Ghosts of Tech Past

Today, I visited the amazing City Museum in St. Louis. It is a playground for the body and imagination that fills and overflows an old factory building. Every space and surface is filled with design features such as this printing plate on a wall of extremely varied printing plates. This one struck me for several reasons. The image of geared rings that was printed from this plate hearkens to a technology that is gone. The plate itself is a memento of a printing process also in the past, and yet it has found a new life here in this visually rich environment.

When I lived in St. Louis, I had the pleasure of taking some bookbinding classes, and the teacher had a printing press in his workspace. In other times of my life, I have run into various types of presses and seen them in action or even used them. There is something to the act of creating media one sheet at a time as the end result of a process of creating the text and images. I have only once set type, and that hands-on experience led to such a greater understanding of kerning, leading, and other type related ideas than any other graphic design class or tutorial I have taken.

And yet, these experiences are less and less common, and our children are less likely to have access to them. I cannot imagine life without the memory of a typewriter in my fingers or of the impatient wait for a rotary phone to return from dialing 9 or 0. I provide excursions for my students to try these things out once or twice, but they will never have the repetitions to make these motions part of their body memories. I wonder what will theirs be? Will the finger swipes that we see in tablets and now operating systems be a fading memory when they are teaching their children? What will be replacing those?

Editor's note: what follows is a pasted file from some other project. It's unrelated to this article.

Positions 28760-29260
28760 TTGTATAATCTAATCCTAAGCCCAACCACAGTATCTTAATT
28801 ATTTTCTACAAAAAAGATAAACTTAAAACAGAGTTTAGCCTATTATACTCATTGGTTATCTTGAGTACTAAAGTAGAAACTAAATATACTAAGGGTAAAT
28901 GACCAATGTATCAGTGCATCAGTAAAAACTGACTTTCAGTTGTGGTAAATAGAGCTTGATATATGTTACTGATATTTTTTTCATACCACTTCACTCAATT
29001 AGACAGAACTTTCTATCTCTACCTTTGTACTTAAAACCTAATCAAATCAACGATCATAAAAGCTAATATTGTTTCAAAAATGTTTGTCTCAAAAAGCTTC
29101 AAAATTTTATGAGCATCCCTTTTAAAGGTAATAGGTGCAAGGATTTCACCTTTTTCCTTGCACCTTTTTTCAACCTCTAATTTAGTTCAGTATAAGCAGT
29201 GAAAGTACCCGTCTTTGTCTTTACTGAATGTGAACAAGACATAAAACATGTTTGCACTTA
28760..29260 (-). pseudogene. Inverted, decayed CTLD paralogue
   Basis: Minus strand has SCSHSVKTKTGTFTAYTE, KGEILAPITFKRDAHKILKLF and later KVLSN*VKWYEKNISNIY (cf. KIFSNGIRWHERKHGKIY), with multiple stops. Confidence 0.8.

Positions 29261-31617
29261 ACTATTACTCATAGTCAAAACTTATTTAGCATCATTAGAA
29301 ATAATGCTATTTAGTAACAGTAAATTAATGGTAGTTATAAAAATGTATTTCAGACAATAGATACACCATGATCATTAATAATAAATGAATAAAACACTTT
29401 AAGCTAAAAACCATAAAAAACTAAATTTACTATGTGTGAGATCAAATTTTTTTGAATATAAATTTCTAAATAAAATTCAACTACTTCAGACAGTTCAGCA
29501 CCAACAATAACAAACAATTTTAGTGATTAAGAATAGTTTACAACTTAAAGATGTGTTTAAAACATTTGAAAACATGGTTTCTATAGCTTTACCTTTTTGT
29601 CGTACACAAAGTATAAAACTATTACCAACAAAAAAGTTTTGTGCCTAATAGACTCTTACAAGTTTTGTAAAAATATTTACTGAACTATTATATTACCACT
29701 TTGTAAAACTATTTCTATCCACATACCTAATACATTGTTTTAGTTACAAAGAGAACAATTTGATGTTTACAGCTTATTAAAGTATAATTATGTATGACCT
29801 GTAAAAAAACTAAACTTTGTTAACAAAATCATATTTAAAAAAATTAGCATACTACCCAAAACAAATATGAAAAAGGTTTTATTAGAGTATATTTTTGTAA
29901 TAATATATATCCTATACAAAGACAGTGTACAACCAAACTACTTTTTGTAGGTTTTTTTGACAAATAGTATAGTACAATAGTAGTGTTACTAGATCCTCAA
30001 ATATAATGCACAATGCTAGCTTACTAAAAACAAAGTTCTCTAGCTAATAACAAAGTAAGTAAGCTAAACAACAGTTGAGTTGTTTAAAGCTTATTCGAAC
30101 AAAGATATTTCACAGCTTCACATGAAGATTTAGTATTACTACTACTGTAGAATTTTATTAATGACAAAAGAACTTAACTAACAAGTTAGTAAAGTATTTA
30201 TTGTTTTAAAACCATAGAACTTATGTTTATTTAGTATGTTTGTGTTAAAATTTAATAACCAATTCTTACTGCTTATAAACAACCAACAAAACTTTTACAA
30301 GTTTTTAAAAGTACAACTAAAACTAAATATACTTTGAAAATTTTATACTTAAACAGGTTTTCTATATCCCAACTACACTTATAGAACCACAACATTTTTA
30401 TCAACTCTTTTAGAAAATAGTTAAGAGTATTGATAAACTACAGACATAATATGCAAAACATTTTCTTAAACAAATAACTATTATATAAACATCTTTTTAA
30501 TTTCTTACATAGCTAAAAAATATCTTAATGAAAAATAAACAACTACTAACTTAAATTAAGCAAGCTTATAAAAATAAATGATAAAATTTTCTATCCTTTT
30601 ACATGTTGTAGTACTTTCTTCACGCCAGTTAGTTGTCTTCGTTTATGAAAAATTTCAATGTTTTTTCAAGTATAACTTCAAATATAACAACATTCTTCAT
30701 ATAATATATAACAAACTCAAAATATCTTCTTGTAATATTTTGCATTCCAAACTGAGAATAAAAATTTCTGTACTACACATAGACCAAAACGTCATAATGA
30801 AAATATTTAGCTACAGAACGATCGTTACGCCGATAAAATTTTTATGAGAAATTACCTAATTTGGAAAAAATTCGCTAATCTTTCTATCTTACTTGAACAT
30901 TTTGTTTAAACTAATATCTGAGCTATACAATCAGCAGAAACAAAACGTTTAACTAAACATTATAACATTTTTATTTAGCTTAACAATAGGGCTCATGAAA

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Anachronisms Under Our Fingers

A few years ago someone, I think my mom, shared a one-panel comic with me. In it a woman is reentering the workforce after time away. When she reaches the end of a line she is typing, she reaches up and smacks the monitor off the computer. To those of us who grew up using a typewriter to bang out papers in school, this is hilarious. To digital natives, this is just oddly violent , Luddite style behavior.

So many vestiges remain, however, from the invention that followed the trajectory plotted by the printing press. With a typewriter, the average person could now quickly create a document.

Each year, I bring a few examples of old technology to class to give students a tactile experience to which they can anchor some references that were merely theoretical previously. I love young children’s reactions to my rotary phone. Many poke the hole in the dial in order to enter the number; their faces register shock when I hold their finger and start the dial rotating. They can’t believe how long it takes to dial a whole number. They groan if theirs has many larger digits.

I also bring in my dad’s typewriter. With this tool, I show them what Shift and Return really mean. They love the mechanical action of the carriage as it advances the paper as it moves to the left margin, and the force they have to exert with their pinkies to push the Shift keys astounds them. Proper touch typing technique flies out the window as they bang away, very respectful of the importance of this typewriter to me. Letters to parents and siblings, complete

alphabets, and other prized pages are quickly put in backpacks to take home and share.